Job seekers often tell me that writing a cover letter is the most tedious aspect of the entire job search process. Maybe writing letters just doesn’t come easily for people, because it isn’t something we often do anymore. Even worse, employment professionals such as myself keep telling job seekers to write individualized (non generic) letters, so it takes extra time and effort to prepare one.
But I think it is still needed. First impressions do count. Employers often get a huge number of applications to the jobs they post, so they have to be picky and quick to exclude applicants that haven’t made a proper effort to apply.
As employers sort through applications, they are hoping to find those candidates that appear well qualified, likable and competent enough to be invited for an interview. Cover letters give employers a chance to gather that information and learn more about the personality, writing style, language and grammar of the applicant. A candidate who can show that they have carefully read the job posting, and express how they meet the requirements outlined, is also showing employers how well they pay attention to detail and follow instructions.
How to write an effective cover letter?
A cover letter is a brief, one-page document that accompanies a resume, introduces the candidate, and motivates the employer to read the resume and consider the candidate for a position. It should help employers see how their needs (their described “qualifications” on the posting) are matched by the candidate. In effect, it’s a way of saying to the employer: I have the skills, experience and personality that you are looking for.
You can do that by indicating that you have read the job posting and understand the expectations of the employer:
- show your interest and enthusiasm
- introduce your resume — identify what parts of your resume are most relevant to the job
- show off your excellent writing skills, grammar, and spelling
- indicate to the employer that you can and will follow instructions by applying exactly the way the employer requested in the job ad/posting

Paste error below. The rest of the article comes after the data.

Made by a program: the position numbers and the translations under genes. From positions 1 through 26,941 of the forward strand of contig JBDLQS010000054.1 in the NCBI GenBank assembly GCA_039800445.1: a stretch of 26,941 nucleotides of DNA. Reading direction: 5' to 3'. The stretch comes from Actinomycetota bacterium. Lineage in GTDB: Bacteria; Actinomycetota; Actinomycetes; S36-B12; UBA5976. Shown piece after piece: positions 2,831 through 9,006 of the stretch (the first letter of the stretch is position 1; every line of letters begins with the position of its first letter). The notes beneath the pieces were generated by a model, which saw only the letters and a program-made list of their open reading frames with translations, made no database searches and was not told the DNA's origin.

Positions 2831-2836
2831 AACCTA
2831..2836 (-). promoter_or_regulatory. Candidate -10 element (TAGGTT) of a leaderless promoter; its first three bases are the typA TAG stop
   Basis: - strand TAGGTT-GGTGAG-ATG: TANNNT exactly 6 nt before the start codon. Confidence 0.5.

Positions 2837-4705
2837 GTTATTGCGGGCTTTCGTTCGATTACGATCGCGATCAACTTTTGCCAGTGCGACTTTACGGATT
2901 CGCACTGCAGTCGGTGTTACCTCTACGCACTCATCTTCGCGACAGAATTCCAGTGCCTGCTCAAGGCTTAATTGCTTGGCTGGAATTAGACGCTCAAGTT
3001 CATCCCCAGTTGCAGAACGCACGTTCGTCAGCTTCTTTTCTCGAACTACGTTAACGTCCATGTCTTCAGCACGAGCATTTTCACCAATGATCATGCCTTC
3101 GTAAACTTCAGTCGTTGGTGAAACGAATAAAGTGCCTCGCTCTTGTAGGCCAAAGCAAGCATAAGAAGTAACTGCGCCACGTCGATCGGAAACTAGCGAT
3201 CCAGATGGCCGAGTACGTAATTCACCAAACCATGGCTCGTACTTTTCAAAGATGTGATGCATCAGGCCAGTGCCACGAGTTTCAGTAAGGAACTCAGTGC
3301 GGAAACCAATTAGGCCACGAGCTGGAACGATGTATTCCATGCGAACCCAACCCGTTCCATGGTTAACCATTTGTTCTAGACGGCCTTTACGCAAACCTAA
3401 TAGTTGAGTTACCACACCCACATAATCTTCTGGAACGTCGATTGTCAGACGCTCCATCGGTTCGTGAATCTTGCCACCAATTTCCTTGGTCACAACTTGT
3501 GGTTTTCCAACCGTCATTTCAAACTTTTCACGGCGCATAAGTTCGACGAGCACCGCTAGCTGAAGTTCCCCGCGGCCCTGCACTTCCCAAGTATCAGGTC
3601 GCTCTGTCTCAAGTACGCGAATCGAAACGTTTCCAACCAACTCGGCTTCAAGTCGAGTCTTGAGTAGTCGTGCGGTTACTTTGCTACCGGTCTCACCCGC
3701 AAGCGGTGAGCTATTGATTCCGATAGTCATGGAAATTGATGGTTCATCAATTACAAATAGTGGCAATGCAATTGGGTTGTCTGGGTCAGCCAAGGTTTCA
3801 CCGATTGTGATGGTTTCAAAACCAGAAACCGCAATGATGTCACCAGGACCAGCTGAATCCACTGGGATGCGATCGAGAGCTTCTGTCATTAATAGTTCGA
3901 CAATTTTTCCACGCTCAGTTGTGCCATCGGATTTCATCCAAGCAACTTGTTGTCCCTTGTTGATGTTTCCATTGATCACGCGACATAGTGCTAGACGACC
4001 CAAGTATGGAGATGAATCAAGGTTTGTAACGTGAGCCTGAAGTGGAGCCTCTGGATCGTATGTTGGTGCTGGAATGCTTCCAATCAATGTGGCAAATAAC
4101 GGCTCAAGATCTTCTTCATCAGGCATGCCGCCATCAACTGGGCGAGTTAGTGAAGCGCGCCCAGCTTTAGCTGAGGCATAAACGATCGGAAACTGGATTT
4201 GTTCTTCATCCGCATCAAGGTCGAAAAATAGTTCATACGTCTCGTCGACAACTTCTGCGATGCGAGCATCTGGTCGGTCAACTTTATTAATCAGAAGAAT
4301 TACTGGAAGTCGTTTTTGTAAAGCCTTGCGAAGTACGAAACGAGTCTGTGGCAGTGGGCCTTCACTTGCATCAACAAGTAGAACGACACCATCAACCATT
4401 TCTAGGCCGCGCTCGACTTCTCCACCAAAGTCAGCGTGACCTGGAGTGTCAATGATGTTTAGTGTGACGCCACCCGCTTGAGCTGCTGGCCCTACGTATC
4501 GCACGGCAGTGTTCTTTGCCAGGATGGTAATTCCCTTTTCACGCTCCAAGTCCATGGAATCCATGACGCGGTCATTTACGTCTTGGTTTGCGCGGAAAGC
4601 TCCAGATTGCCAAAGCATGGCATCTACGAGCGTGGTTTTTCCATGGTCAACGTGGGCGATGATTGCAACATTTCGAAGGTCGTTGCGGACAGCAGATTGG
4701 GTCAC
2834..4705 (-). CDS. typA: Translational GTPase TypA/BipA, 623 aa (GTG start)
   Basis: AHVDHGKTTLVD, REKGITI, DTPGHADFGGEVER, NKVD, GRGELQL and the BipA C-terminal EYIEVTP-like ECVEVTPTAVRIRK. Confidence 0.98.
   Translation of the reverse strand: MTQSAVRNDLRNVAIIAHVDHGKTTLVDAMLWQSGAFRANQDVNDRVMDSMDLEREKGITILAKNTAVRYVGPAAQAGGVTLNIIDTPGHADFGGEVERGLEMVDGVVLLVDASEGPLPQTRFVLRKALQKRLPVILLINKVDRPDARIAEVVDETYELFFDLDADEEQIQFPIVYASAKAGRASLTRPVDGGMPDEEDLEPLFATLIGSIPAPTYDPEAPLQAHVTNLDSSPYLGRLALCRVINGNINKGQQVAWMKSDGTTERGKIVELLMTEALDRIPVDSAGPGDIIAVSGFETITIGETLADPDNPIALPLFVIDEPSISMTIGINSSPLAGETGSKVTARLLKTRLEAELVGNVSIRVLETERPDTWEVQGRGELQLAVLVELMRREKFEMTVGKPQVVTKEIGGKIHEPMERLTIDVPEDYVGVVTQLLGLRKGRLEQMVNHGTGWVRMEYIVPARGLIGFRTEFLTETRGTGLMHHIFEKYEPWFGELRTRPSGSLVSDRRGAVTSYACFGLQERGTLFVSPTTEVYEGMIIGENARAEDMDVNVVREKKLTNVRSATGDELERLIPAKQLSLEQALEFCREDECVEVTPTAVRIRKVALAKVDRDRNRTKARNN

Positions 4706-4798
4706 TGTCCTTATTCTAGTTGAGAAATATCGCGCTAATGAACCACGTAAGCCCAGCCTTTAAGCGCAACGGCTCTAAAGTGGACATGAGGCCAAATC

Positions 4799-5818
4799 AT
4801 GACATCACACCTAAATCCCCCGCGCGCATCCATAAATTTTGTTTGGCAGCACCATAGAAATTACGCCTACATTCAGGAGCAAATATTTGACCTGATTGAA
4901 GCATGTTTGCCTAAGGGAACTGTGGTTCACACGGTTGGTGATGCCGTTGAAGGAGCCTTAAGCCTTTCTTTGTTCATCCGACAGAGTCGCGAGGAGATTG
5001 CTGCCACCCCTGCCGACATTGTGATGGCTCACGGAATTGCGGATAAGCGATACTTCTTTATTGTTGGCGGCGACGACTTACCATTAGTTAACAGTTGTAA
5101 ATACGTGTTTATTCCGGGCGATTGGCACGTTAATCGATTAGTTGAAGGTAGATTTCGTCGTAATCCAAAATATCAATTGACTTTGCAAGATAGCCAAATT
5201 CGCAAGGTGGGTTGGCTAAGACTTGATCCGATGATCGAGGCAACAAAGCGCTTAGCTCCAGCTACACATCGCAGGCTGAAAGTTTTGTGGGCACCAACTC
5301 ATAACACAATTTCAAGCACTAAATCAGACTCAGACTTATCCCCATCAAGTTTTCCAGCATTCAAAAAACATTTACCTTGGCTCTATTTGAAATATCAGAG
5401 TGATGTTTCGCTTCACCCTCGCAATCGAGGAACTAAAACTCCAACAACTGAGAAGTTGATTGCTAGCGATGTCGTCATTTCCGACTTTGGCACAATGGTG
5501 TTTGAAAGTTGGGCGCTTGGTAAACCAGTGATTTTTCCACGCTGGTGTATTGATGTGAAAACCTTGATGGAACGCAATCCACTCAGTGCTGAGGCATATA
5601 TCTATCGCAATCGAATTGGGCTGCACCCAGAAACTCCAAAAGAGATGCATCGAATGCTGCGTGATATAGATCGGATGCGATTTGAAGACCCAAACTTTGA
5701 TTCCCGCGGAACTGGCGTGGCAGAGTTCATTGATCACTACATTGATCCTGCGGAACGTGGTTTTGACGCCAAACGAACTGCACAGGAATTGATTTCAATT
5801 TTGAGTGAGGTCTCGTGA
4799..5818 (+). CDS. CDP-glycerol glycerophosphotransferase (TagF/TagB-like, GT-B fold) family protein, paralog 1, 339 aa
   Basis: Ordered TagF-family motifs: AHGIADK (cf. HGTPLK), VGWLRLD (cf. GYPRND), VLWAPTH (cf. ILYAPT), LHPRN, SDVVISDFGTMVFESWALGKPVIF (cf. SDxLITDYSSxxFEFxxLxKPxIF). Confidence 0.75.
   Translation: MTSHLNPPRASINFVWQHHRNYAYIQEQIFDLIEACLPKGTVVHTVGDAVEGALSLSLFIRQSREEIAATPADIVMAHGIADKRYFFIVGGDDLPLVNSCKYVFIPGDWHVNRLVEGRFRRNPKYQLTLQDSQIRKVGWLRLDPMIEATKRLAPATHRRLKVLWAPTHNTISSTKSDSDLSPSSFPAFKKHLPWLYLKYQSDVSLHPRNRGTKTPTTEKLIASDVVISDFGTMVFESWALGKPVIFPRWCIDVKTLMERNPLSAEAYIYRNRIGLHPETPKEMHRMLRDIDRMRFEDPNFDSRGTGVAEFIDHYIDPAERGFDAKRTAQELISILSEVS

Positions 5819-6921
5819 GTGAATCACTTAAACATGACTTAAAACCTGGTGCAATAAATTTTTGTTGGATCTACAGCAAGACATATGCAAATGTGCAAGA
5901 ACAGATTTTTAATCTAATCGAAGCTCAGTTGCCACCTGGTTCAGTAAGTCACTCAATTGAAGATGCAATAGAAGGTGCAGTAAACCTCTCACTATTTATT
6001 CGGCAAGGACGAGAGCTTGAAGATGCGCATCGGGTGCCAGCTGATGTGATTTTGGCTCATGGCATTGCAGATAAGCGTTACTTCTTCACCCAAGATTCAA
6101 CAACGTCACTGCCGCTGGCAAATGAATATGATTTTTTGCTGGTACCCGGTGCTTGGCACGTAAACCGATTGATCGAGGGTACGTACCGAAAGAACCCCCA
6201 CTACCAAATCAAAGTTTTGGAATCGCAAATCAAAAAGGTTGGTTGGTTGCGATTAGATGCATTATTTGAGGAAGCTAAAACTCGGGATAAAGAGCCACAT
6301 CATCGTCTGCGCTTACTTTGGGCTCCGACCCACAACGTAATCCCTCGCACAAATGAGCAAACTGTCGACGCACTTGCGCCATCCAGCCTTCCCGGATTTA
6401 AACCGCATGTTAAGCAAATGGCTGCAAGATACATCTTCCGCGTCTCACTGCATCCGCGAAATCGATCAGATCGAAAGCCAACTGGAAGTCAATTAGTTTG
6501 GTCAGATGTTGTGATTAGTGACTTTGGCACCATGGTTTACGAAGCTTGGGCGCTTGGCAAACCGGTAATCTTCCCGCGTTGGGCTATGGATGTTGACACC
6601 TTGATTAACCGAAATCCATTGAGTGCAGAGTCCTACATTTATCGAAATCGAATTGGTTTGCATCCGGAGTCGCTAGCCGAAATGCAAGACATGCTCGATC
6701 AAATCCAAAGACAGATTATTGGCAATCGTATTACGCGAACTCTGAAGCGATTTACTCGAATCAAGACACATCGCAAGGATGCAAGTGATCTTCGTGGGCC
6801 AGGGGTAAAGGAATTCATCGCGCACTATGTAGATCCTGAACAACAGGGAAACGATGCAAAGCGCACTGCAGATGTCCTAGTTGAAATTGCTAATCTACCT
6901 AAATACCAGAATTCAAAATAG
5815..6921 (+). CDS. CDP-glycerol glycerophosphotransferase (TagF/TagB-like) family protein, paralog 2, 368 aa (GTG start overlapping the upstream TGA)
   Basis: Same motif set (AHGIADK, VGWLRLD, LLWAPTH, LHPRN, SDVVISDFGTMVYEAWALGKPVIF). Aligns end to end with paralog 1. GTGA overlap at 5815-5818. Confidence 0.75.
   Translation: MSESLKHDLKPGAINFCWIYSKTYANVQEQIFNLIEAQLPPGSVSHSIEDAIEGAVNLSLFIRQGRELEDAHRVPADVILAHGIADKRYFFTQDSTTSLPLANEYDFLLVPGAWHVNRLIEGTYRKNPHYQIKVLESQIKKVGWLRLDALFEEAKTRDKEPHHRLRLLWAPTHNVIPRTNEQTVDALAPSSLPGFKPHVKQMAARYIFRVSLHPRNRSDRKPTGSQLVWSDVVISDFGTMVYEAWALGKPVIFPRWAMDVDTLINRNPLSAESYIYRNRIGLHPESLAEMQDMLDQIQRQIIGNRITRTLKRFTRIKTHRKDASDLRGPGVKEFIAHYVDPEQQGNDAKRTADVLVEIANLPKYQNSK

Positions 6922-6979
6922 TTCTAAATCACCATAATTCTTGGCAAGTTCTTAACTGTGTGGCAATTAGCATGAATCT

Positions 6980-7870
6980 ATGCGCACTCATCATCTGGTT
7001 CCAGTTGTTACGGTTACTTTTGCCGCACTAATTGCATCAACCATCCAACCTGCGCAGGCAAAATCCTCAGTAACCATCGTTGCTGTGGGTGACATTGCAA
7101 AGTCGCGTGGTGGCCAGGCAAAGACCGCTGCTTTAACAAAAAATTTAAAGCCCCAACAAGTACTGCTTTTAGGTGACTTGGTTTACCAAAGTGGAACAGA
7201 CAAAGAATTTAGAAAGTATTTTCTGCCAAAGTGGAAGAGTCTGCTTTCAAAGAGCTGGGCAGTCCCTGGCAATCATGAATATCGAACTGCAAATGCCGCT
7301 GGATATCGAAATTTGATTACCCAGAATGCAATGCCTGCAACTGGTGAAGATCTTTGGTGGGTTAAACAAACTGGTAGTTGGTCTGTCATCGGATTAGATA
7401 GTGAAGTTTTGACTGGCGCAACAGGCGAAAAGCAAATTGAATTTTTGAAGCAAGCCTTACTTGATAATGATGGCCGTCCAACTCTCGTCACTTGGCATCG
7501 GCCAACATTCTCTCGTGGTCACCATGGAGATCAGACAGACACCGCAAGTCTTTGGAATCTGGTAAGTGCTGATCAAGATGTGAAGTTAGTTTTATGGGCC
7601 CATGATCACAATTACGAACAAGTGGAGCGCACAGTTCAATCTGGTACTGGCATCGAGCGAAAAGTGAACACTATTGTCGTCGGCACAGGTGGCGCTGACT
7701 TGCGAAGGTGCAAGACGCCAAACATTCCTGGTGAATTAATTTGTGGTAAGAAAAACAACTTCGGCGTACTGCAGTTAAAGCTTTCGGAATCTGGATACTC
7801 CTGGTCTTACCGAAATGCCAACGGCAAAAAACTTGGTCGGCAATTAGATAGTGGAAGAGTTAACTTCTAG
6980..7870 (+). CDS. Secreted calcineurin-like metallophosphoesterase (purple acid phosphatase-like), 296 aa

Cover letters should accompany almost any resume, whether it is in response to a posting, is solicited (i.e. the employer asked you to send them a resume), or even unsolicited (i.e. you are sending the resume to employers, in case they are hiring).
Check your cover letter against this checklist of “do’s” and “don’ts”:
- Follow the instructions in the posting, making sure to submit it in time and to the specific person outlined in the advertisement
- Keep the letter short, simple and easy to read
- Don’t use a generic cover letter; write a unique and personalized letter for each employer
- Use a formal tone, but show the level of enthusiasm that is suitable to the type of position to which you are applying
- Match the format of the letter to your resume, in terms of the font and “letterhead” (i.e. the format you use for your name and address)
- Don’t forget to include the specific job title as identified in the job posting, including any reference numbers provided by the employer
- Make sure to mention where you found the job posting
- Describe yourself to the employer; reference the specific qualifications requested in the posting; don’t assume that the employer will read your resume unless they find what they need in the cover letter
- Before sending it, always check your spelling and grammar very carefully
- Don’t depend on spell-check — it will only pick up some errors, not all (it won’t pick up a mistake if it is a real word — for example, it won’t pick up using “form” instead of “from”)
It is worth investing time and effort to write a high quality letter which conveys your enthusiasm and shows the employer the exact reasons they should consider you for the position. Capturing the interest of the employer can be a deal breaker — if your cover letter does not impress, the employer will probably not read your resume or call you for an interview, whereas a well-worded, thoughtful letter can go a long way toward helping you get that next great opportunity.